If you’re a current subscriber, log in below. If you would like to subscribe, please click the subscribe tab above.
Username and Password Help
By Marc Robertson
More than a dozen owners of empty lots or abandoned houses in Cotulla have been sent notice this month that their properties have been targeted by City Hall for clearing and that they may be billed for the work.
In a move prompted by a unanimous vote from councilors present at Thursday night’s meeting, April 8, City Hall is instructing Attorney Steve Pena to begin preparing liens against delinquent taxpayers’ properties with a view to having municipal labor reimbursed.
The city attorney, however, said last week that it is possible some of the property owners have died and heirs are unaware that they are responsible for the upkeep of homes or empty lots in Cotulla that they may never have visited.
In the event that properties are sold at a tax auction, according to the attorney, those that have been cleared of structures may be more appealing to bidders and may again generate property tax revenues.
City Hall has indicated that local residents’ complaints about dilapidated properties have included safety concerns related to wild animals, criminal activity and fire hazard.
The city’s ongoing effort to rid residential neighborhoods of overgrown lots, abandoned homes, collapsed structures and other public nuisances was launched in 1996 by Pablo Gonzales, who was mayor at the time. The city’s directive encouraged the clearing of abandoned lots and made it possible for the city to do the work and send a bill for the clean-up to owners. When owners could not be found or property taxes had not been paid, liens were attached.
Over the past 25 years, the city has cleared dozens of properties and sought payment for its work.
Atty. Pena told councilors that the new declaration of public nuisance on which they were voting last week was the first step in the process regarding a rake of properties, some with structures still standing.
“People may be dead or have moved on,” the attorney said. “If the property is sold by the tax attorney, the fee [for the work] is paid to the city and the lien is released.”
City Administrator Larry Dovalina told councilors that not all of the targeted properties are presently in tax foreclosure.
“We are asking the city council to take action,” Dovalina said. “We sent certified letters. For the most part, they have been received. One or two have not.”
According to the city administrator, the process initiated by last week’s vote includes a 30-day notification period, after which city work crews may enter the properties, clear up overgrown brush and demolish abandoned houses. After the work is done, he said, Pena will prepare a lien against each.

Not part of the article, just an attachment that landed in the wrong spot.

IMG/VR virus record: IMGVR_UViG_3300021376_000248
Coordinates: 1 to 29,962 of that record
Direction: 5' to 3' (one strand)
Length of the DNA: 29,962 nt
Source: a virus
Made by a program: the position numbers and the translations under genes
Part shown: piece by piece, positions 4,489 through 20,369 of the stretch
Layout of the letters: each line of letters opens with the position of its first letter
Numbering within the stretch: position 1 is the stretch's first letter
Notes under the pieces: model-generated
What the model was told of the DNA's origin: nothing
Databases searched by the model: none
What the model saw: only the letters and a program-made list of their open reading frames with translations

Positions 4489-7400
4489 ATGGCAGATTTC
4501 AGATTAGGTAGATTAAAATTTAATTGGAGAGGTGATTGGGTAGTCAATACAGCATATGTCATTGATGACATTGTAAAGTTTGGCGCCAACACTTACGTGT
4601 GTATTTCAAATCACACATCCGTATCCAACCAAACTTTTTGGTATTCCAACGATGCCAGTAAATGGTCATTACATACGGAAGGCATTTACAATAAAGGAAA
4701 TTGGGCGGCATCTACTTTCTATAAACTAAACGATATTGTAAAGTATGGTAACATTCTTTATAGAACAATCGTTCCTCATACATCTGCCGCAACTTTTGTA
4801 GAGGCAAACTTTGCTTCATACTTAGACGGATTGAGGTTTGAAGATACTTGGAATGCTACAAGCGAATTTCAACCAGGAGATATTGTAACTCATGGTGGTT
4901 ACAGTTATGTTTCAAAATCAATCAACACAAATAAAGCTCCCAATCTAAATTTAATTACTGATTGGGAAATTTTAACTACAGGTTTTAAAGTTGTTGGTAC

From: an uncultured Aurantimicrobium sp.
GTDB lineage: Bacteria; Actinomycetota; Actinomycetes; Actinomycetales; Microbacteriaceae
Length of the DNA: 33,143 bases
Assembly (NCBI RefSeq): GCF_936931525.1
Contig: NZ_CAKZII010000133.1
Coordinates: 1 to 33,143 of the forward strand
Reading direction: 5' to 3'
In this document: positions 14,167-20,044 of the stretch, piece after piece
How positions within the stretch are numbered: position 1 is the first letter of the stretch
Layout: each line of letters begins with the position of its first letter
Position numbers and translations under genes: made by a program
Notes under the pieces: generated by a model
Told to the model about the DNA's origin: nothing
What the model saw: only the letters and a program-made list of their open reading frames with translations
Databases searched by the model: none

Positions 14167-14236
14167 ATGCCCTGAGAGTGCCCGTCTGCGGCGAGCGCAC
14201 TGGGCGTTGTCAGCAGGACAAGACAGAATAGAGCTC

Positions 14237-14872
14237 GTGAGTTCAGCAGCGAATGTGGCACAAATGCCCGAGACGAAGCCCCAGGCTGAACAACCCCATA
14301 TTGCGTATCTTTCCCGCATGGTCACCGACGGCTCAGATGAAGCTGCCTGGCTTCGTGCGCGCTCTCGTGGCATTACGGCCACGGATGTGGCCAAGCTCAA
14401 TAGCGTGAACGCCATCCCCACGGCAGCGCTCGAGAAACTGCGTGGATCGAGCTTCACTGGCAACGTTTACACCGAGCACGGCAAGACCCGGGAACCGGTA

“If owners express a desire to do their own work, we try to work with them,” Dovalina said. “We want action taken. This clean-up is for the benefit of the community.
“Some houses have snakes,” the city administrator said, “and this has been affecting the neighbors.”
“A lot of times, the people who are not maintaining their properties don’t have the money to do it,” Atty. Pena said, “but then we clean it up and a neighbor wants to buy it. Then it goes back on the tax rolls.
“These houses are so bad,” the city attorney said of the properties identified on the council’s list last week. “San Antonio has been doing this as well. They demolish hundreds of homes a year.”
“This will make our city look better,” Mayor Javier Garcia said.
“We have done thirty or forty homes so far,” the city administrator said. “When we publicize this, some people come forward and ask us to do theirs as well, and they offer to pay.
“People want us to knock down buildings,” Dovalina said. “They can’t do it themselves.”
“No one can do this cheaper than the city,” Atty. Pena said. “A $1,500 lien doesn’t even cover half of the actual cost, but in many cases this is the last resort.
“People are dead,” the city attorney said, “or someone owns the property and doesn’t want to come down.”
Councilor Eloy Zertuche said he believes there are also concerns in the community over abandoned vehicles causing hazards, in some cases because they have been parked close to intersections and obstruct drivers’ views of other traffic.
The city attorney said code enforcement efforts related to abandoned vehicles have been stymied by a lack of law enforcement weight behind the city’s clean-up efforts.
“Without municipal police, our code compliance officer can’t go out there and force people to move things,” Pena said.
“We are really concentrating on homes, but we can address the other issue as well,” the city administrator said.
Properties identified last week by City Hall and declared a nuisance in the council vote under the Texas Health & Safety Code, making them subject to municipal demolition, were listed as follows with their owners:
Alejo and Amanda Ortiz, 605 Mendez Street, with a 14’x56’ mobile home; Manuel S. Del Toro, c/o Thomas Del Toro, 903 Alta Vista St.; Florencio B. Cristan, 806 Velasquez St.; Librada Lozano, SW Lane St.; Arthur E. and Thelma E. Seidel, 702 Guadalupe St.; RC Garcia, c/o Ramon Garcia, 304 Hall St.; Elsa De Los Santos Charo, 412 S. Market St.; Graciela Ortiz, Saltillo St.; Jesus Carrizales, 501 Alta Vista St.; Thomas Garcia Jr. and Georgia Gonzales, 308 NE Copp St.; Dominga P. Gonzalez, Lalo Gonzales St.; Guadalupe Ayala Jr. and Jesus Antonio Ayala, 505 Thornton St.; Ignacia R. Ruiz, c/o Maria Bernal, Matamoros St.; and Pearla and Maximiliano Carranza, c/o Joe Lumbreras Jr., Nueces St., .287 acres.